- The type of consent your model gave (or didn't give) you with regards to usage rights. Some types of usage require no permission at all. Editorial usage, for instance. If you had permission to be there by the property owners and the individual(s) in an image had no reasonable expectation of privacy, you're probably clear to use the image editorially. Editorial usage can be included in a commercial publication, such as a newspaper, magazine, or publicly accessible website as long as the function of the image is to present or support editorial content. You're also fairly clear to use such an image for artistic or aesthetic use. This would include exhibiting the photo somewhere for its aesthetic value, or selling prints of the photo, or perhaps a photo book that contained many images, so that others could enjoy the aesthetic value of the image. On the other hand, commercial usage generally requires the permission of any identifiable person in an image. Commercial usage, by and large, implies the pictured individual(s) support and endorse a product or service (or perhaps an ideological position or political candidate) that the image is being used to promote.
Since you've been intentionally vague about the actual contents of the image, it's hard to answer your three sub-questions more specifically. Is there any nudity involved? Anything else that might be considered embarrassing or defaming? Anything that implies a certain type of character or specific belief or ideological position with which the unrecognizable person might disagree? All of these things must be considered before editorial or artistic usage can be considered.
- Portfolio usage is generally considered to be editorial in nature as long as images are not presented in such a way that those pictured are implied to have recommended your services as a photographer.
- Exhibiting a photo for its aesthetic value is generally considered artistic usage. If an image is one of several displayed on a wall with a banner at the top advertising your photographic services, however, you're probably now into commercial usage.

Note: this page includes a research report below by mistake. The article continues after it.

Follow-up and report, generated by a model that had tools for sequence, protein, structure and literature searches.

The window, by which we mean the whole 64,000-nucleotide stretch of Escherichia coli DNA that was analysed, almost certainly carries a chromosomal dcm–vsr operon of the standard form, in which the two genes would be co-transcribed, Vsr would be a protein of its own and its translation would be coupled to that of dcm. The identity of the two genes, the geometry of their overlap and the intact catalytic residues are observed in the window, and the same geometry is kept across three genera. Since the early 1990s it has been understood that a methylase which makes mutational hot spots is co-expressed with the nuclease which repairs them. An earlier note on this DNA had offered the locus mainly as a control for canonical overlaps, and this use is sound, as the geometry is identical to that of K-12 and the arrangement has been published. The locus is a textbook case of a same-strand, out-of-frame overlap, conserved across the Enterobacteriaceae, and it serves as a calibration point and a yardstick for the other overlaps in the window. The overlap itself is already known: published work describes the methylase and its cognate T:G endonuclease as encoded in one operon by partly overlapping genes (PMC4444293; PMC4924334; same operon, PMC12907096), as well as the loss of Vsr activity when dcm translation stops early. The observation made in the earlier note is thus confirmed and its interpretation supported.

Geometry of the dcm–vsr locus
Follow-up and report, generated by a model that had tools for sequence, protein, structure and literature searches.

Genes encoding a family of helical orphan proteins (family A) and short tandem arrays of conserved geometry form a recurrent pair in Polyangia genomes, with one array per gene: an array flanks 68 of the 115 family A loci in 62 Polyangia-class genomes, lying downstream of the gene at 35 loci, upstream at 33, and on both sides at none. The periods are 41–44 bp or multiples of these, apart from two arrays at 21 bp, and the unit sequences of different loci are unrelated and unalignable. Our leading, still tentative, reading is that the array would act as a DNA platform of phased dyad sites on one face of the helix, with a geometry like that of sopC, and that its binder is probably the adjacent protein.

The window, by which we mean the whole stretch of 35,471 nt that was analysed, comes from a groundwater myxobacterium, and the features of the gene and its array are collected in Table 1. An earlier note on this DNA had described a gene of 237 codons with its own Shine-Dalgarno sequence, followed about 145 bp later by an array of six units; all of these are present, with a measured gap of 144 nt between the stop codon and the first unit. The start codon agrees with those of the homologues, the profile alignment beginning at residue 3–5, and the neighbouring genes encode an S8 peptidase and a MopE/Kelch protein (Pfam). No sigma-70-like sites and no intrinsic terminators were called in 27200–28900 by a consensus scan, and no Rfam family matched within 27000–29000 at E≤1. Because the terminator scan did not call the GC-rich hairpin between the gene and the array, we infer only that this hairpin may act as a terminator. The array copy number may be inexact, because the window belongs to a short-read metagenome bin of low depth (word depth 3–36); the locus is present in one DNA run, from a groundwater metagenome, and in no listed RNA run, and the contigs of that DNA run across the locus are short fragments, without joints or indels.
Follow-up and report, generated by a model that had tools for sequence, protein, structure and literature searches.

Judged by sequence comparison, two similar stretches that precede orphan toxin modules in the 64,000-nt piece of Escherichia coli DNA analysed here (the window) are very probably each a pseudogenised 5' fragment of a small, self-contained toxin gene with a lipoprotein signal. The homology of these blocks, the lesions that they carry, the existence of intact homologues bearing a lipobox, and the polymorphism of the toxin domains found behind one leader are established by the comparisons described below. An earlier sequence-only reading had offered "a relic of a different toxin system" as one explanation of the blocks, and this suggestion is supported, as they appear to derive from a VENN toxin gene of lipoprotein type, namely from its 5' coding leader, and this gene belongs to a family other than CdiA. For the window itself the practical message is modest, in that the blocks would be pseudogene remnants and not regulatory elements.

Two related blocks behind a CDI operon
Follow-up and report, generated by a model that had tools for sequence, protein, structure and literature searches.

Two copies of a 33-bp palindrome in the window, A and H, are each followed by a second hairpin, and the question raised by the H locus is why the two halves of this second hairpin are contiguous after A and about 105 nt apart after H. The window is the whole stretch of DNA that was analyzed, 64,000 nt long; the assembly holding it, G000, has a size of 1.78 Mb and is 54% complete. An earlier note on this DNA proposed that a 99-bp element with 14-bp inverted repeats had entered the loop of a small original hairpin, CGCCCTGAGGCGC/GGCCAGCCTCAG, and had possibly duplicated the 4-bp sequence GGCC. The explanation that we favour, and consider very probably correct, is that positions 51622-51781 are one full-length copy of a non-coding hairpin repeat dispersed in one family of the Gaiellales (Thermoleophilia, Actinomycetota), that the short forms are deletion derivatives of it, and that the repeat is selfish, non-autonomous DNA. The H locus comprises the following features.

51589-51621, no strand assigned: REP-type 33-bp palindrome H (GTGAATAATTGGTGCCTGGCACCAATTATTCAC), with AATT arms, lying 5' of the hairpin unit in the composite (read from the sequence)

- Selling prints or digital copies of an image for the personal use of the buyers is generally not considered commercial usage. Just because money changes hands does not automatically make the use of an image commercial. The determining factor for commercial usage is whether or not the person(s) in the image are seen to be endorsing something. Newspapers sell editorial content every day (or at least they used to before the internet started giving it away). Prints or digital image files are sold for their aesthetic value all of the time.
Just because you are not required to obtain permission and waivers from an individual you have photographed for certain types of usage does not mean it isn't a good idea to, when possible, get such agreements in writing anyway. Most commercial portrait studios have language included in their standard order form that all customers must sign before being photographed that gives the studio particular rights to the images produced and indicates that the customer acknowledges that they are aware that they are granting such rights to the studio. Such a written agreement helps protect the studio if the customer ever changes their mind and decides after the fact that they regret having the photos taken.